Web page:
President Obama’s religious accommodation in his rule requiring insurance plans to cover birth control has failed to placate elements of the Catholic community, and, with strong GOP support, they remain determined to sue. But do the lawsuits, the latest of which was filed Tuesday, have much legal merit? Possibly, but if judicial precedent is any indication, probably not.
The tweaked regulation says religious non-profits like universities and hospitals do not need to pay for free birth control coverage in their employee health plans, and can pass the cost on to the insurance company. (Churches and houses of worship are entirely exempt.) But like other entities, Ave Maria University, a Catholic institution, argues in a new legal challenge that affiliating itself with any access to contraception would violate its religious beliefs.
But barring a departure from precedent, the lawsuits aren’t set to go very far.“I don’t think they have much of a case under current precedent,” said Jessica Arons of the Center For American Progress. “Courts in New York and California have already upheld the exemption that was initially adopted by the Administration. And I think the further accommodation that the Administration has offered shows exceeding sensitivity to claims of religious liberty that are not required under the law.”
Adam Winkler, a constitutional law professor at UCLA, was more blunt. “This lawsuit is inspired by politics and nothing more,” he told TPM. “Even under the previously announced rule there was little chance of success.”
One avenue for a challenge is on First Amendment grounds. But the Supreme Court has emphatically said religious entities may not be exempted from generally applicable laws, with some exceptions that don’t apply to this issue. The second and more likely avenue to use is the 1993 Religious Freedom Restoration Act (RFRA), which says federal laws may only constitute an “incidental” (as opposed to “substantial”) burden on religious practices, that those laws must by justified by a compelling government interest and be narrowly tailored to meet that interest.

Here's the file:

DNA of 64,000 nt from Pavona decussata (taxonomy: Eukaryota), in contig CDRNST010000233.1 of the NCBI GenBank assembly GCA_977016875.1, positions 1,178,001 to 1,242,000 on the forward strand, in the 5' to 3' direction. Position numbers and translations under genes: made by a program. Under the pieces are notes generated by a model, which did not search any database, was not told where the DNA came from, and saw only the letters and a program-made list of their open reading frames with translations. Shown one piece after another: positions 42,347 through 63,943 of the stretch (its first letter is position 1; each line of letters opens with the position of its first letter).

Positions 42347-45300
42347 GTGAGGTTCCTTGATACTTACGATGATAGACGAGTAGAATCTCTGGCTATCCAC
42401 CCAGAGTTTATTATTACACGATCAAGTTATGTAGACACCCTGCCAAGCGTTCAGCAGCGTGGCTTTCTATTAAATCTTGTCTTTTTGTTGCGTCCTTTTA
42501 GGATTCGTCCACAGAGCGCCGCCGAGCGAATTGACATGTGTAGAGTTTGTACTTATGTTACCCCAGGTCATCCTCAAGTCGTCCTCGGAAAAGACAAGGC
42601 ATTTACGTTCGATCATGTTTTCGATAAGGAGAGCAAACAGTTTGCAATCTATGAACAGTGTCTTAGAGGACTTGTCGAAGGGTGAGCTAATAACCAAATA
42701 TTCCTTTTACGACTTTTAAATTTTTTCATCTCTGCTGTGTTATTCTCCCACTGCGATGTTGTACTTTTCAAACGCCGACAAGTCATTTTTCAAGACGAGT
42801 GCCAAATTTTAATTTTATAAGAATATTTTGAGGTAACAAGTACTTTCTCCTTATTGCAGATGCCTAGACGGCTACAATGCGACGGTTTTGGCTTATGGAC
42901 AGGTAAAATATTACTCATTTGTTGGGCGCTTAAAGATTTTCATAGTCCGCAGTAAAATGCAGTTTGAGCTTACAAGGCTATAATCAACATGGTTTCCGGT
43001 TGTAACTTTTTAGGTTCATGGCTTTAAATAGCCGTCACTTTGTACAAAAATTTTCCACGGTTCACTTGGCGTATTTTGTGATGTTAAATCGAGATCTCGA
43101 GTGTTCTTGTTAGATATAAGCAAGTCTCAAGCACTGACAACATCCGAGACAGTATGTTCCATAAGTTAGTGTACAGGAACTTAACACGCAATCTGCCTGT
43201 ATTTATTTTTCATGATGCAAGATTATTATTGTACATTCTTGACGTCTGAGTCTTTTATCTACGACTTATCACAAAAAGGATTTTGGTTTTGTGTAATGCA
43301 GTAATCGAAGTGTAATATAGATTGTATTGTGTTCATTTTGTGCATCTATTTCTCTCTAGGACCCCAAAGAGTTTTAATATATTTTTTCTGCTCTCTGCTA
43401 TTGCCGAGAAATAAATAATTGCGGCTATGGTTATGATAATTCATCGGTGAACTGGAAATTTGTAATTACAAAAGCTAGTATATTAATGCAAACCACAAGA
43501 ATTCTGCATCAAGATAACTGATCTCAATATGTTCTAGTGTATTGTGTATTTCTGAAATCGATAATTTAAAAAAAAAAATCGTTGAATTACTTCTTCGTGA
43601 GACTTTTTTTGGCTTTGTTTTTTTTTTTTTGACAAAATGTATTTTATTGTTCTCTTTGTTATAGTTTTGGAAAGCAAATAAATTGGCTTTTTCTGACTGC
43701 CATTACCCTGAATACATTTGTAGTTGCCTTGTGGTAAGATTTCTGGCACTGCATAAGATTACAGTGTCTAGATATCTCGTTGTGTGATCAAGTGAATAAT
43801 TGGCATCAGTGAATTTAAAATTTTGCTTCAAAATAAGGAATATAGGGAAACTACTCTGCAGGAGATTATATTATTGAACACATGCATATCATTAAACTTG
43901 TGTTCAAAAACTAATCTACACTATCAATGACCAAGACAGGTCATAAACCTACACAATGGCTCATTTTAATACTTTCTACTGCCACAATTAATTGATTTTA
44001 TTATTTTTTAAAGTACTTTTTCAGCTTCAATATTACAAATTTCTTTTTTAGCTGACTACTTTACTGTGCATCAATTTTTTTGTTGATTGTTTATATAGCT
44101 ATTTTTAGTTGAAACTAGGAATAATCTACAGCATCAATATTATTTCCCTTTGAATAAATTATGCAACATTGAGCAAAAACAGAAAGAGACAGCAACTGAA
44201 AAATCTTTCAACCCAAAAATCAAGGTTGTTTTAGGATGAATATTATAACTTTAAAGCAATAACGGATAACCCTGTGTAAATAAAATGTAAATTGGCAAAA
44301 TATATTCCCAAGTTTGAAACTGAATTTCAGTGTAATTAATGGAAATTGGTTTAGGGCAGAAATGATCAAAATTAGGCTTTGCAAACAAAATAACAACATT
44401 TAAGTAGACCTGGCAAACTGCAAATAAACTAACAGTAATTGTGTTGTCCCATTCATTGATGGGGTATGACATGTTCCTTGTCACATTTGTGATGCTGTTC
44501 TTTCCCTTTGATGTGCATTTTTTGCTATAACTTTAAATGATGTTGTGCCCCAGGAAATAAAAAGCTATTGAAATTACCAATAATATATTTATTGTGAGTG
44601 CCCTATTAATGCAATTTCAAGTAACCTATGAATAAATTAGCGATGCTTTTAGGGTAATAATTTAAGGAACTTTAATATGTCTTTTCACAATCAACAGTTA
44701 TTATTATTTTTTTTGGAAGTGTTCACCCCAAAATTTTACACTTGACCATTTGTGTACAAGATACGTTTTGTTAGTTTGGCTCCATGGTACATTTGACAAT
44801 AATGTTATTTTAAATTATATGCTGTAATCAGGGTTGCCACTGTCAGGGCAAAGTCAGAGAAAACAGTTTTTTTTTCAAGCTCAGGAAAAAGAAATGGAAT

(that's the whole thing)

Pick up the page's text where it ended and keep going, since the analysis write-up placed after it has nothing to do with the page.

Former Bush administration lawyers David Rivkin and Ed Whelan argued in the Wall Street Journal that the mandate violates RFRA.
“The refusal, for religious reasons, to provide birth-control coverage is clearly an exercise of religious freedom under the Constitution,” they wrote. “The ‘exercise of religion’ extends to performing, or refusing to perform, actions on religious grounds–and it is definitely not confined to religious institutions or acts of worship.”
Rivkin and Whelan said the mandate fails a key RFRA test in that there are ways for the government to expand cost-free access to contraception that are less burdensome to religious beliefs, such as through health centers, public clinics and groups like Planned Parenthood.
Winkler posited that the RFRA challenge may have succeeded under the original birth control rule, but is a fool’s errand under the new one.
“The crux of Ave Maria’s complaint is that they will have to pay more for health insurance because of this law,” he said. “Under that same logic, a church that believed racial mixing is bad could complain that the building contractors they hire are legally required not to discriminate. It’s nonsense.”